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Three power moves that are better than a shrug

by Emma Margolin /
Janine Driver and Mika Brzezinski on stage at Oct. 30th 2017 Know Your Value ConferenceMiller Hawkins-- Morning Joe /
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Think hard about the last time you asked for something at work -- a raise, a promotion, time off -- but didn’t get it. Were you under prepared? Did you inadvertently say something offensive? If you’ve spent hours going over every word of your pitch and still can’t pinpoint your mistake, chances are it isn’t anything you said at all; it’s the way you said it. Specifically, it’s what you did with your shoulders.

“We are shruggers,” said former ATF investigator and communications expert Janine Driver of this common move unconsciously used by many women. “A shrug is uncertainty… So, when we ask for something, we are hurting our message.”

“We are shruggers,” said former ATF investigator and communications expert Janine Driver of this common move unconsciously used by many women. “A shrug is uncertainty… So, when we ask for something, we are hurting our message.”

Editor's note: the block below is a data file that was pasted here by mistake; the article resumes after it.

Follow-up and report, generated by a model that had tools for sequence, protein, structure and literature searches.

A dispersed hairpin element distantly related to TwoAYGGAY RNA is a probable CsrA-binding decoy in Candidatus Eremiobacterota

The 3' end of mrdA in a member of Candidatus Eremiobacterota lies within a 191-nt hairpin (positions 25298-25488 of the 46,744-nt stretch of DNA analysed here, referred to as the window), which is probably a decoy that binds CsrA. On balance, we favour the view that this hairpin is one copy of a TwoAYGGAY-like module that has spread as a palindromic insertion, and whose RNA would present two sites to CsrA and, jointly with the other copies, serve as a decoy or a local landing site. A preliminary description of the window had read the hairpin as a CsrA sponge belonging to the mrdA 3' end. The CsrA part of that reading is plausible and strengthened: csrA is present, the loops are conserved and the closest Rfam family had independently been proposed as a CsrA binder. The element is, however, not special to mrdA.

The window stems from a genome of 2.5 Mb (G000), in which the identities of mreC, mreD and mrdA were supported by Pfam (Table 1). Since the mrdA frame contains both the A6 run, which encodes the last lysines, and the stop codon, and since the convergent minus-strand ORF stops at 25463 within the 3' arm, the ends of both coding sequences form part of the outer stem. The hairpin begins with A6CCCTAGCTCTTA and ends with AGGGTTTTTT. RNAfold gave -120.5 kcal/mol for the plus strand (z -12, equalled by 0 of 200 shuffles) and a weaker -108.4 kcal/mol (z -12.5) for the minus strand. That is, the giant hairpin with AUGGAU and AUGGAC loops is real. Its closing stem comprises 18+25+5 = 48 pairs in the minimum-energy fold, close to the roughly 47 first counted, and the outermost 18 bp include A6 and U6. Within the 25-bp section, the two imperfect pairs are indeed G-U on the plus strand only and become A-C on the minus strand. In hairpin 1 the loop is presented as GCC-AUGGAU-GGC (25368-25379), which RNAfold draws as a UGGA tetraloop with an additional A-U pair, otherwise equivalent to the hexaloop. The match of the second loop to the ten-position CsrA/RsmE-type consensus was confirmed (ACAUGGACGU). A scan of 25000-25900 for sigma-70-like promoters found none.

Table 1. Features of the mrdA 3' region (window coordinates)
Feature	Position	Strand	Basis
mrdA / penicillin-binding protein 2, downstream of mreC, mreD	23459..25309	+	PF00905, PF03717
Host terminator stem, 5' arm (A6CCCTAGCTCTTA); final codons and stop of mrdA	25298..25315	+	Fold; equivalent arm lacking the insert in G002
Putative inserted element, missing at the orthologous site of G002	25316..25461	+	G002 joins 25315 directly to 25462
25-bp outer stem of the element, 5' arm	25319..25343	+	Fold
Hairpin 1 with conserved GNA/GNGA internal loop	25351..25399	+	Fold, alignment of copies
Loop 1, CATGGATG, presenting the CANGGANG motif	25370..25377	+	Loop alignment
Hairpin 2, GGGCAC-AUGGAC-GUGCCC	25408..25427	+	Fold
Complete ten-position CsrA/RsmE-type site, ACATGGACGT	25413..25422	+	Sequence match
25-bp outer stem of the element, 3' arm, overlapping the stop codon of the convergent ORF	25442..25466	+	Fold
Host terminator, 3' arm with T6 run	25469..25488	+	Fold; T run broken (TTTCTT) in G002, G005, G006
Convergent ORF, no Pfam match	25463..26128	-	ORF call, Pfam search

Driver recently sat down with MSNBC’s “Morning Joe” co-host Mika Brzezinski to discuss better alternatives to “The Shrug,” moves that can help women project confidence. Here are some gestures to practice before heading into that next meeting:

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The Steeple

Instead of folding your hands on your lap, try propping your elbows on the table and bringing your hands up to meet in a point, like a church tower. It may seem like a minor change at first, but making sure your hands are visible goes a long way in terms of looking and feeling powerful, according to Driver.

If the pose feels familiar, there’s a reason for that. “Guys do this one all the time,” she added.

The Forehead Stare

We’ve all been told about the importance of eye contact. You may be surprised to learn that in confrontational situations, it can help you gain the upper hand if you shift your gaze a little higher.

“If someone is disrespectful to us, look at the forehead,” said Driver. Breaking the eye contact and looking at the person’s forehead is as if you are talking down to the person without being overtly aggressive.

The Elbow Pop

If you want to go full Liz Taylor, try leaning back in your chair and draping one elbow over the back or arm rest, again making sure your hands are visible. This move channels some of the star’s famous attitude.

“It’s casual, it’s confident,” said Driver of the pose. “I’m taking up space and I’m saying, ‘I belong here.’”

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